‘Time to end women’s poverty while advancing gender equality’

This is the message from businesswoman Angela de Souza who bluntly explains how the Western World is largely ignoring the terrible plight suffered by females across the globe

Time to end women’s poverty while advancing gender equality

The world is at a crucial crossroads for gender equality. Globally 10.3% of women exist in extreme poverty. And they are significantly poorer than men. Progress towards removing this poverty trap needs to be 26 times faster to achieve the Sustainable Development Goals – as outlined by the United Nations (UN) – by 2030.

But to accelerate progress requires investment. Data from 48 developing economies show that an additional $360 billion is needed each year to achieve gender equality. This is the total investment required to help bring poverty and hunger to an end, and empower all disadvantaged women across the globe.

Over 100 million women and girls could be lifted out of poverty if governments prioritise education and family planning. These administrations would also have to level playing fields when it comes to providing fair and equal wages, while expanding social benefits.

At the forefront of the global push for gender equality, and women’s empowerment, is the Commission on the Status of Women (CSW). This intergovernmental body is dedicated to improving the lives of underprivileged women. And the CSW plays a pivotal role in shaping policies and initiatives that advance women’s rights worldwide. 

Every year, at the UN’s headquarters in New York City, they host an annual session known as CSW68. To read about CSW68 please click here. This gathering is attended by representatives from member states, along with UN agencies and civil society organisations. They engage in critical dialogue and debate strategies that will help solve many of the issues facing some of the world’s poorest women and girls. But progress remains slow.

As the founder and chief executive of the Women’s Business Club, I had the honour of attending this year’s CSW68. I was delighted to be there but I also found it truly disheartening to learn about the scale of the depravity and inhumane treatment being inflicted on millions of females around the world.

In the 21st century there remains a scandalous level of sexual abuse, forced labour and female genital mutilation taking place. Child marriages continue to happen at an alarming rate and there is a disturbing lack of access to education for girls in numerous countries. These challenges persist despite decades of advocacy and awareness-raising efforts.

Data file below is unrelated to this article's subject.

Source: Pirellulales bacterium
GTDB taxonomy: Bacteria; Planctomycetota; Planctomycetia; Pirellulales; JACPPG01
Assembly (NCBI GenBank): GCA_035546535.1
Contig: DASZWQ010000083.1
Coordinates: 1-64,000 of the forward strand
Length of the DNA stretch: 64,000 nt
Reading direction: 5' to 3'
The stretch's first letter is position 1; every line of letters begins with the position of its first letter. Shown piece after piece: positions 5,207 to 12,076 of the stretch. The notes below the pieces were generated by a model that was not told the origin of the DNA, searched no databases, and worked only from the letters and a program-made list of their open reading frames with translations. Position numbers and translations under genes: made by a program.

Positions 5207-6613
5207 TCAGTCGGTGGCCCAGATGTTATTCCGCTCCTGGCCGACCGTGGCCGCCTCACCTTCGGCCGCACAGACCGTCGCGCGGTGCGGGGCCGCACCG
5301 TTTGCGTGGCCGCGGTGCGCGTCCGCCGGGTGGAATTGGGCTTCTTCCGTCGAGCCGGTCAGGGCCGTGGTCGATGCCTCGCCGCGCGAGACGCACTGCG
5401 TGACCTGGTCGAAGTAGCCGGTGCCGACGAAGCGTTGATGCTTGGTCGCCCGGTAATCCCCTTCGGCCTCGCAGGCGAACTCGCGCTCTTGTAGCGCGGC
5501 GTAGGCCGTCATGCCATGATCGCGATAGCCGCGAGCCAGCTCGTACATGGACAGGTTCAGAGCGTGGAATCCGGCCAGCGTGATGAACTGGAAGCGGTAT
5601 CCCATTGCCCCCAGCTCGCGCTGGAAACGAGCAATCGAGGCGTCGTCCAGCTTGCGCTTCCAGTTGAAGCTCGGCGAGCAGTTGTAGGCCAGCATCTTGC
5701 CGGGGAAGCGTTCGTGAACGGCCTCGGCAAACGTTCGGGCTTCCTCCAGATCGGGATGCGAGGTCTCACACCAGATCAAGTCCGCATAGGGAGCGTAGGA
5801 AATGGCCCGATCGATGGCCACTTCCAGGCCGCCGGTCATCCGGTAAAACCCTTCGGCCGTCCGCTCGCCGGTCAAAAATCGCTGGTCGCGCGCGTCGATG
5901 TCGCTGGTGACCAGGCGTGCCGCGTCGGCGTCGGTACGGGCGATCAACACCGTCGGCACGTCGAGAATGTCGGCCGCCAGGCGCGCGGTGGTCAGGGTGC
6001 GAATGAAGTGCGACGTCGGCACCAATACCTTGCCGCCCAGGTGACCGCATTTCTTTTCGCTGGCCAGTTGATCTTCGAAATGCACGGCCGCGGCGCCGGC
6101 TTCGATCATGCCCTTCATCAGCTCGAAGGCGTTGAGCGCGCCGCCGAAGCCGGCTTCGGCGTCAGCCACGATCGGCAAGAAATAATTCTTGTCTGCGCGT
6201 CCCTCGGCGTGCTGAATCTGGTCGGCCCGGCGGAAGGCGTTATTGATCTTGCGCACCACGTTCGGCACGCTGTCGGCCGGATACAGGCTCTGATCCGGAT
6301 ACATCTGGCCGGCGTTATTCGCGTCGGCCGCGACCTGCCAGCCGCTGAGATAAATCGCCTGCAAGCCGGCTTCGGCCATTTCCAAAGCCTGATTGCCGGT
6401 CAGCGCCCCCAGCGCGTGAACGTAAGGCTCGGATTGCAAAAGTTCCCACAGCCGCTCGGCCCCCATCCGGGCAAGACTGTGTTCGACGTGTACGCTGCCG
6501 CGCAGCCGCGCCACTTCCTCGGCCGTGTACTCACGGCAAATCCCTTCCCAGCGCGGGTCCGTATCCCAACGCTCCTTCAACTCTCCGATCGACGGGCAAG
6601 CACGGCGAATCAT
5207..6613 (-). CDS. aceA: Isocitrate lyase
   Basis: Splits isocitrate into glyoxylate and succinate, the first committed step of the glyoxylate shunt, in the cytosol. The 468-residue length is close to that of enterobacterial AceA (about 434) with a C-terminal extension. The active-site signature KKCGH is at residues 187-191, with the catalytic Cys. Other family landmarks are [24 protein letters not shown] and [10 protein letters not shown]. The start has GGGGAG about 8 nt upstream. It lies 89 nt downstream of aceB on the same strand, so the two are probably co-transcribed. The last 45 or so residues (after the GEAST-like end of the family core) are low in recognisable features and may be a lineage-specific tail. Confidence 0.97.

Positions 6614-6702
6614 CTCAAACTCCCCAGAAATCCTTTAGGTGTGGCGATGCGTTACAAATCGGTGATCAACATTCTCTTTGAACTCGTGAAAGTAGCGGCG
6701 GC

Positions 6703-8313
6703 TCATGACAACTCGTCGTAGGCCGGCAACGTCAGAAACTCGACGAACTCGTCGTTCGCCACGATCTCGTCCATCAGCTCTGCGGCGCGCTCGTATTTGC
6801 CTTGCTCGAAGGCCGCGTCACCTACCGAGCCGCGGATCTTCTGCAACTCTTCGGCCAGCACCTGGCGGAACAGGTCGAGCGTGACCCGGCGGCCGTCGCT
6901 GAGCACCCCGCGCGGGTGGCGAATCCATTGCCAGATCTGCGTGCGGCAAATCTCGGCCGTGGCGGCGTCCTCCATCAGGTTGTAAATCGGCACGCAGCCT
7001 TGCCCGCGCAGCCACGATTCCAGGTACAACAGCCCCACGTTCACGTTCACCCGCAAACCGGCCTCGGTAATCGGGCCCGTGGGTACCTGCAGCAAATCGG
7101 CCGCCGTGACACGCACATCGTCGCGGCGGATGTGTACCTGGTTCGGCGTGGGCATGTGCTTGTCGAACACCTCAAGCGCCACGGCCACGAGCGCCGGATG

What strikes’ me the most is the stark differences between the relative comfort and security experienced by many in developed countries – such as the UK – and the harsh realities faced by millions of women and girls in less fortunate parts of the world. In light of this information, I can’t help but question the priorities of governments in the Western World, and their obvious lack of effort regarding this crucially important topic. 

While it’s essential to champion rights and equality within our own borders, I believe there’s a pressing requirement to redirect much of our focus towards addressing the urgent needs of women and girls in developing countries. Instead of solely campaigning for what could be perceived as ‘comfort’ rights here at home, we must become involved in the struggles which our global sisters face during their day-to-day existence.

It is contemptible that we largely ignore their daily battles for survival and dignity. I left the conference with a deep understanding of the profound inequalities that persist in our world today. And we all have a moral imperative to extend a helping hand to those in need. Let’s not allow ourselves to become complacent in our relative comfort, but rather use our privilege and resources to uplift, advance and empower women and girls everywhere.

Yet another universal problem with these annual gatherings is that they are often held in ridiculously expensive cities in the global north. This, in itself, prevents many grass-root organisations in the global south from attending.

We, at the Women’s Business Club, stand as a beacon of hope and solidarity for women and girls around the globe. With unwavering dedication, we pledge to continue our mission to empower and support those facing adversity. 

We are working tirelessly to break down barriers, champion equality, and create a world where every woman and girl can thrive. Join us in our journey to make a meaningful difference to the lives of women and girls around the globe.

Angela De Souza
Angela De Souza

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